DE: I’m currently working on a biography of Woody Allen. My most recent books are The Great Kisser, a novel; a biography of Tony Bennett, All the Things You Are; and a biography of Bobby Darin, Roman Candle. My novel about the Julius and Ethel Rosenberg espionage case, Red Love, has recently been reissued as an e-book.
E: Writing a biography can be as elusive as the life it covers. With Woody Allen notably, recent allegations have cast his history in a troubling light. What are your thoughts on being a biographer as an interpreter of others’ lives? What do you feel is your responsibility?
DE: It’s essential to capture the full complexity of any person’s character and life. Obviously I cannot be judgmental or be enticed by colourful accounts, pro or con, by interviewees. I must respect the artist. Woody Allen is a revolutionary. He came and conquered the entire world and even his earliest standup comedy is still timeless. So, objectivity and fairness are my objectives.
E: You’ve published a lot of non-fiction/biographical works. Is that a recent passion, or were you interested in life stories while you were with EVENT?
(If you’ve been following us, you’ll notice that one of our biggest features is our yearly creative non-fiction contest. I think it’s interesting that though EVENT and you have gone separate ways, we’ve both “found” non-fiction.)
DE: I was always interested in character study above all, and in dialogue that captured the essence of the character I was writing about. The line for me between fiction and non-fiction is a thin one. Sometimes, as a result, I will insert a real name into a story or novel. It’s obvious that certain people we encounter are fabulous talkers. They just have to open their mouths and we know we can just sit back and write down what they say without altering it. Is that still fiction? Who cares as long as it works? Some Italians are fabulous talkers; so are some blacks and Jews. Night guards, lonely people who have no one to talk to, are haunting talkers. Some true stories are so fantastic they have to be told straight and not be disguised as fiction. I think that’s true of my book Making the Wiseguys Weep (which will be a movie, by the way), my biography of Jimmy Roselli, the singer who called himself “the sweetheart of the Mafia.” It’s true that the Mafia did love him, and when I interviewed many of the characters around Roselli, I just could not have invented dialogue better than what I heard from them. I thought in my early days as a writer that only fiction was real literature. Now it’s obvious to me that great writing can come from many different genres. If it jumps off the page and grabs you, it’s great, period. Autobiographies like A Life by Elia Kazan, A Walker in the City by Alfred Kazin, and Act One by Moss Hart are masterpieces.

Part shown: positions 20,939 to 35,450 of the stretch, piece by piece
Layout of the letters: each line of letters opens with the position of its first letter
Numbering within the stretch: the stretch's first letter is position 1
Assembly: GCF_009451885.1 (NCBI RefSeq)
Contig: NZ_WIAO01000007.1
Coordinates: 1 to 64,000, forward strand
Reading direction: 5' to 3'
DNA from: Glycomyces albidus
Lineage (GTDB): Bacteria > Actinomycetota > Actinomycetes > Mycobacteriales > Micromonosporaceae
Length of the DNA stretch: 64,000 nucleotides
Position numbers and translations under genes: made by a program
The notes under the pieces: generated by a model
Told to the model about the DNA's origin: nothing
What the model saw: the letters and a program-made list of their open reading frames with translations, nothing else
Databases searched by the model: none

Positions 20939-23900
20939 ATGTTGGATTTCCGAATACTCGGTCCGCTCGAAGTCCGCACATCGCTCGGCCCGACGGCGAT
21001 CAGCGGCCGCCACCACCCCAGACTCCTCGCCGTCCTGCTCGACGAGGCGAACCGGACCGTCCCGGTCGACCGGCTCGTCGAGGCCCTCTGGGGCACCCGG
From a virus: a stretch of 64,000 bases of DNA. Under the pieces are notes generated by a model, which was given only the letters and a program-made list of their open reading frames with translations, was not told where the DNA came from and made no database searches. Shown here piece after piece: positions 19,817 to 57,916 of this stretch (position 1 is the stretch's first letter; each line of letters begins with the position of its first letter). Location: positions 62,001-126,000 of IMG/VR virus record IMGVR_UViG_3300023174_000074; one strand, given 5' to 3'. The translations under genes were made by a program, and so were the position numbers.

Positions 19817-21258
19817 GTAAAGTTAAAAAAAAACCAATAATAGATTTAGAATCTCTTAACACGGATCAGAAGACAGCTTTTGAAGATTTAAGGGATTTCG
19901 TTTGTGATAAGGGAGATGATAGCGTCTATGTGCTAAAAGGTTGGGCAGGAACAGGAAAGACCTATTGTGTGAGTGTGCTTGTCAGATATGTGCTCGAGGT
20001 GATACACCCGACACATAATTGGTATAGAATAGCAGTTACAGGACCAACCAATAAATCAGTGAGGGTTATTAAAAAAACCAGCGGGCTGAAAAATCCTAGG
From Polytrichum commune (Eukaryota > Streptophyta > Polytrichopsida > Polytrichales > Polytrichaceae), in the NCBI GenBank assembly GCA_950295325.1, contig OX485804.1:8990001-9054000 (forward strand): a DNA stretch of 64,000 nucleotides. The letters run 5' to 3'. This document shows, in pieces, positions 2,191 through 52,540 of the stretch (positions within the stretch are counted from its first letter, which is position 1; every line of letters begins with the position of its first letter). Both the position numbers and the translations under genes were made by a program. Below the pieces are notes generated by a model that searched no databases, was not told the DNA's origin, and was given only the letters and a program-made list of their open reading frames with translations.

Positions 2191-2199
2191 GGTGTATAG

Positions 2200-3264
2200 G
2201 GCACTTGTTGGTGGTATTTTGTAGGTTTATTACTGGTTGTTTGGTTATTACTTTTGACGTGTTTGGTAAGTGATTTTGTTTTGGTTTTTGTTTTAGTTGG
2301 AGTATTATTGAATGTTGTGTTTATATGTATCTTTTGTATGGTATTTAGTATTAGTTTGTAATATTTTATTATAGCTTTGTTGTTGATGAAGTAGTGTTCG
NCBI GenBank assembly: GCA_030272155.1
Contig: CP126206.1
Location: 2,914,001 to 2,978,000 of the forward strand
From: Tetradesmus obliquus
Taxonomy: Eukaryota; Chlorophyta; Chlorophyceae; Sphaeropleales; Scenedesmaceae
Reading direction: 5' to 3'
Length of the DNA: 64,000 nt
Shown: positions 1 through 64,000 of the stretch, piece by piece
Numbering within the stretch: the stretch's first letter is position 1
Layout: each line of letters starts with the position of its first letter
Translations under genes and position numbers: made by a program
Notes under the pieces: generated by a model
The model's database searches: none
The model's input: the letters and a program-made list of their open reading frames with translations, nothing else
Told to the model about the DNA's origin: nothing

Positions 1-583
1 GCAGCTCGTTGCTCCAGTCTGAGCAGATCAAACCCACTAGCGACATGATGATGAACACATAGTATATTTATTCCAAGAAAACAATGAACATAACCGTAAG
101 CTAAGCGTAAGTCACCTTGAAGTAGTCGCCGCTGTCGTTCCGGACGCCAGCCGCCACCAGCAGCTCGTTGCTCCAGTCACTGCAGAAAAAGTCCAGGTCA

E: What was going on—in your head, in your life—when you started EVENT?
DE: I had just graduated from UBC, where I’d gotten an MA in Creative Writing. I wanted to implement my ideals and convictions about literature in a magazine that published only the best, most alive writing I could find. I really wanted to publish the work of writers I loved—those known to me and those I discovered. Charles Bukowski, with whom I was corresponding for years, was emerging as a great talent, and I published him in many issues. I also had many contacts in the publishing world and was able to go to writers like Cynthia Ozick, Charles Reznikoff and Harvey Shapiro, all of whom I had the deepest regard for. I had just gotten married and I had just published my first novel, The Swinging Headhunter, with November House in Vancouver. The creative director, Cherie Smith, had formed November House with the help of her husband, Julian (Buddy) Smith, who was a major force in the book business in Vancouver. She was idealistic and discerning as well, and had discovered and published some marvelous writers in B.C., including Bill T. O’Brien, whose Summer of the Black Sun endures as a wonderful novel. I published Bill’s work in an early issue of EVENT. That was one of the high points for me, as I loved his work.